Functional Neurosurgery

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Dr Keith Goh

What Is Functional Neurosurgery

Functional Neurosurgery is a specialised field within neurosurgery focused on improving or restoring the functionality of the nervous system. A range of surgical techniques to are available to address disorders that impact the normal functions of the brain, nerves, and spinal cord.

Common Conditions Treated by Functional Neurosurgery

Functional neurosurgery provides treatment for a diverse range of conditions that disrupt normal neurological function.

  • Cerebral Ischaemia: This refers to conditions where there is insufficient blood flow to the brain. Examples include moya-moya disease, (a cerebrovascular condition), and post-traumatic cerebral atrophy, which occurs following brain injury. These conditions can lead to various neurological deficits.
  • Epilepsy: Epileptogenic lesions are specific areas in the brain that cause seizures. Surgical interventions involve removing these lesions to reducel or even eliminate seizure activity.
  • Spasticity: This condition, often a result of cerebral palsy, trauma, or stroke, causes muscle stiffness and involuntary spasms. Treatment includes rhizotomy, where irritable nerve roots are divided to relieve spasticity, or the placement of intrathecal baclofen pumps to deliver medication directly to the spinal fluid.
  • Hyperhidrosis: Excessive sweating, particularly in the palms, can be debilitating. Thoracoscopic sympathectomy, a minimally invasive surgery, is performed to treat this condition.
  • Facial Hemispasms: These are characterised by involuntary twitching or contractions of the facial muscles. This condition is typically treated by microvascular decompression to relieve pressure on the facial nerve.
  • Peripheral Nerve Lesions: These lesions can cause a range of symptoms, including pain, weakness, or loss of function in the arms or legs. Treatment involves specific surgical approaches tailored to the type and location of the lesion.

Causes of
Functional Neurological Conditions

The causes behind functional neurological conditions are varied and can be broadly classified as follows:

  • CerebroVascular Disorders: Some conditions, like moya-moya disease, are caused by blocked or narrowed arteries. This can lead to reduced blood flow to the brain.
  • Genetic Predisposition: Some conditions, especially those with focal epileptogenic lesions, may have genetic predispositions.
  • Traumatic Brain Injury: This can lead to post-traumatic cerebral atrophy, affecting brain function.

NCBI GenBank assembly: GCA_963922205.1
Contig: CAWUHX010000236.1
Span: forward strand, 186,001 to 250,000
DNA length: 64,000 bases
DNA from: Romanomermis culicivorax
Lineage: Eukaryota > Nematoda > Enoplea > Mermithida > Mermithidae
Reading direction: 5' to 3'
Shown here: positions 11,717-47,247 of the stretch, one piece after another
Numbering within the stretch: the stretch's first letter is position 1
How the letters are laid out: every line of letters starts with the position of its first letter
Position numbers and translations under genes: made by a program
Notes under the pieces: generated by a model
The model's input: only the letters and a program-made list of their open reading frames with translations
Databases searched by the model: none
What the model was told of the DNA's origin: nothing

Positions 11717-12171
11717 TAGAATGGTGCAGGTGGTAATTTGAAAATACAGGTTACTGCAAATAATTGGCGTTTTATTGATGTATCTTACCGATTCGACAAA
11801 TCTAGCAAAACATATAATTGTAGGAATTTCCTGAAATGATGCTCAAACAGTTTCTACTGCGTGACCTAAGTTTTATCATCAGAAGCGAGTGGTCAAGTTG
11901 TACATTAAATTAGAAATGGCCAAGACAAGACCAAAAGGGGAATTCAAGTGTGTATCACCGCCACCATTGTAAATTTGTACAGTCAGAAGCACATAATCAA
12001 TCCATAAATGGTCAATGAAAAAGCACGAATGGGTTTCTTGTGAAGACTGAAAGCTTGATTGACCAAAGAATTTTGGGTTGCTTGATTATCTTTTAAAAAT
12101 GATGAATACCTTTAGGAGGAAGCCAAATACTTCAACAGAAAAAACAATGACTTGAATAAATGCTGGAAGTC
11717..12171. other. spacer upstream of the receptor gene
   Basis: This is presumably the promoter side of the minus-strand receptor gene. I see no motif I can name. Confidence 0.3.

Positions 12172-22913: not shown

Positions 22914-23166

• Developmental Disorders: Cerebral palsy, a result of birth insults (such as meningitis or brain haemorrhage) or abnormal brain development, often leads to spasticity.
  • Neurological Disorders: Peripheral nerve lesions can be caused by various neurological diseases, such as tumours or trauma, impacting nerve function and health.

Symptoms and Signs

The symptoms and signs associated with functional neurological conditions vary and include:

  • Pain: Neuropathic pain can be a clinical feature in peripheral nerve lesions.
  • Muscle Stiffness and Spasms: Common in spasticity, often resulting from cerebral palsy, trauma, or stroke.
  • Excessive Sweating: This is a symptom commonly seen in patients with hyperhidrosis.
  • Involuntary Muscle Contractions: Seen in conditions like facial hemispasms.
  • Seizures: A primary symptom of epilepsy, especially when caused by focal brain lesions or brain damage.
  • Weakness and Cognitive Changes: Often observed in patients with cerebral ischemia and cerebral atrophy.


Diagnosis of functional neurological conditions involves a comprehensive approach which typically includes the following:

  • Medical History and Physical Examination: Diagnosis typically begins with a thorough review of the patient’s medical history and a physical examination. This helps to identify symptoms, their onset, and progression, and any relevant personal or family medical history.
  • Imaging Tests: MRI, CT or PET scans can help visualise the brain’s structure and function. They can reveal abnormalities such as lesions, areas of ischemia, or structural anomalies.
  • Neurophysiological Studies: Electroencephalography (EEG) is used in diagnosing epilepsy, capturing electrical activity in the brain to identify epileptogenic zones. For peripheral nerve lesions, nerve conduction studies and electromyography assess the electrical conduction of nerves and muscle response.
  • Laboratory Tests: Blood tests can uncover underlying metabolic or genetic conditions that might contribute to neurological symptoms. They also help rule out other diseases that can mimic neurological disorders.